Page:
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GDC Online: Improving Game Stories With Concise Writing, More Writer Input

GDC Online: Improving Game Stories With Concise Writing, More Writer Input

October 5, 2010 | By Kris Graft

October 5, 2010 | By Kris Graft
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More: Console/PC, Design



In Hamlet, Shakespeare's Lord Polonius said "brevity is the soul of wit."

That ideal of conciseness made up a large portion of a GDC Online talk today by Antony Johnston, an experienced comics writer who has worked on Daredevil, Wolverine and Wasteland.

He also has experience writing for games at Sega and Electronic Arts, including extensive work on the action horror game Dead Space and the 2008 comic book prequel to the game.

For Johnston, bridging the gap between comics and video games -- two long-time obsessions of his -- is natural.

"Writing for both media isn't as different as you might think," he said. For instance, comics and video games are both interactive, he explained. "You have to fill in the gaps" between a comic's panels. "You do it dozens of times every minute when you read a comic."

That ability -- being able to trust that the reader can fill in the gaps -- is a skill that game writers should hone in order to make scripts and scenes more concise, Johnston said. "Experience with comics will instill this economy-first thinking," he said.

He conveyed this "economy-first thinking" by showing the opening scene for Remedy and Microsoft's Alan Wake, a video game about a writer. Johnston then converted the intro's scenes to panels and pages, and copied the dialog verbatim as if it were a comic book.

He pointed out certain redundancies -- such how the intro explains that a man hit by Wake's speeding car was dead, or two different scenes that showed the speeding car -- and cut them out of the comic version.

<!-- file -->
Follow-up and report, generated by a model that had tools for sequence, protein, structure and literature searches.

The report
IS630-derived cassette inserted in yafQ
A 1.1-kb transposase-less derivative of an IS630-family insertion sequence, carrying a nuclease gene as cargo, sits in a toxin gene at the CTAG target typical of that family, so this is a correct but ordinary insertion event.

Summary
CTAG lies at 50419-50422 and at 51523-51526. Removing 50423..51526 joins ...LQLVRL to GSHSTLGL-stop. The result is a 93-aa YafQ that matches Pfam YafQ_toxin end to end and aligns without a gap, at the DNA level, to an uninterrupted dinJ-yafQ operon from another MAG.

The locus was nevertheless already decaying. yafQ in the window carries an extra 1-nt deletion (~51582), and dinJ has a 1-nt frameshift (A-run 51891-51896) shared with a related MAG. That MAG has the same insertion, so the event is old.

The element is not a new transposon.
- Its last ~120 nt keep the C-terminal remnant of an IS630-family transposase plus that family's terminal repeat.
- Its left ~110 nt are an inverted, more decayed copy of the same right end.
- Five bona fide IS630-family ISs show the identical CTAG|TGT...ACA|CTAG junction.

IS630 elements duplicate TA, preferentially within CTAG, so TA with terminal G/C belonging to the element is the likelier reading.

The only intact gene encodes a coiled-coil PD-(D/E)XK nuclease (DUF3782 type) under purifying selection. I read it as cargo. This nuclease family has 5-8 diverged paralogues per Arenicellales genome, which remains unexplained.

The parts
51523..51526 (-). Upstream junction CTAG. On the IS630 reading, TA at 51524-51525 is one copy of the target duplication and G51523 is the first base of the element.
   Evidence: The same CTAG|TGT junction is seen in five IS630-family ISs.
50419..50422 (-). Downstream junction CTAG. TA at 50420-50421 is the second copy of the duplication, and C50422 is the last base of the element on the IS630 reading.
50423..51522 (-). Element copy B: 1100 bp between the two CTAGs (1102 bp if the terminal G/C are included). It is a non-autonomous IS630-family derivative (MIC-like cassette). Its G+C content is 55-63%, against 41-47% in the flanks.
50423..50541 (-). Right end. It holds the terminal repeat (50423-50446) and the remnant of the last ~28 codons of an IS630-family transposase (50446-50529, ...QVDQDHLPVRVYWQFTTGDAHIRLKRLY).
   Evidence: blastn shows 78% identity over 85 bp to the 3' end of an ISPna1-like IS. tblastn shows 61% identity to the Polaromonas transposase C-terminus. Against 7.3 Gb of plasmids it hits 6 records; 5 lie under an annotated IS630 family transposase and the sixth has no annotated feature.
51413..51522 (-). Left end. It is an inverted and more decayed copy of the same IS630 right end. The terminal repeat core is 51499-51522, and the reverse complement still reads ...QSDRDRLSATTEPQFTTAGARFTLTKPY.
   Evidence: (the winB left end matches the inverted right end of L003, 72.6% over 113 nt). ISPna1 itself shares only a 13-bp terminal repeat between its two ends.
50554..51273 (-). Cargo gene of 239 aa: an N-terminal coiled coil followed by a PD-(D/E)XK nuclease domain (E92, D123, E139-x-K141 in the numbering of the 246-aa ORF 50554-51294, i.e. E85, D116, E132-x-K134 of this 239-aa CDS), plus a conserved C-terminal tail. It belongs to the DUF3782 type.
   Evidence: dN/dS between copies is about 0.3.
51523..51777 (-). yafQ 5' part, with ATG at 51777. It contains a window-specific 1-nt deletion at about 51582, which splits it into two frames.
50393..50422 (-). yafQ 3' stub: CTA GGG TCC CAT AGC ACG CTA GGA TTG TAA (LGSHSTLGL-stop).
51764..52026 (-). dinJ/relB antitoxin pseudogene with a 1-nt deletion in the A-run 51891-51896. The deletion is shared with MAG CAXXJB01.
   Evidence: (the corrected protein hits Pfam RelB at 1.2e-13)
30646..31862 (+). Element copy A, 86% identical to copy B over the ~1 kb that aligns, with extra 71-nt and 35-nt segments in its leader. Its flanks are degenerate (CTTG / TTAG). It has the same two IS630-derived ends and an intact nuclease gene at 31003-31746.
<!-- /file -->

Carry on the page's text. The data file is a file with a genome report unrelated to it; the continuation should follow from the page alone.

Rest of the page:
What started out as five pages with four panels each turned into four pages. He did the same with a scene from Mass Effect, pointing out that the edits don't necessarily make the scenes better, but the cuts show that writers and developers can preserve a game's style using less time and resources.

"Thinking like a comics writer can help you conceive that [brevity]," he said. "...Anything that you can do to help train your brain while banging away at scripts will help you."

But just how much of this editing power is in a writer's hands? The development process for many games does not include writers from the beginning, and writers often don't have much say in changes that can or should be made to a script.

Johnston wants to see that change. He said that there are three key changes that the game industry has to make, any one of which can raise the quality of narrative. First, he said, "I strongly believe that it should be standard for writers to be at [voice-over] sessions," so they can make necessary rewrites.

Johnston argued that nobody knows the script better than the writers. While Hollywood productions often don't include the writers on the set of a movie, he said that the practice of excluding writers from the rest of the video game production process makes "no sense."

He also said that development teams need to have more willingness to make big iterative changes in order to accommodate better narrative. It can be pricey, but the end quality would speak for itself, Johnston said.

And the person making those big iterative changes to a game's story should be the original writer on the project. An attendee watching the talk chuckled at that notion. "I know, a man can dream," Johnston said. "...Things are getting better all the time, but there's still a lot of work to do."


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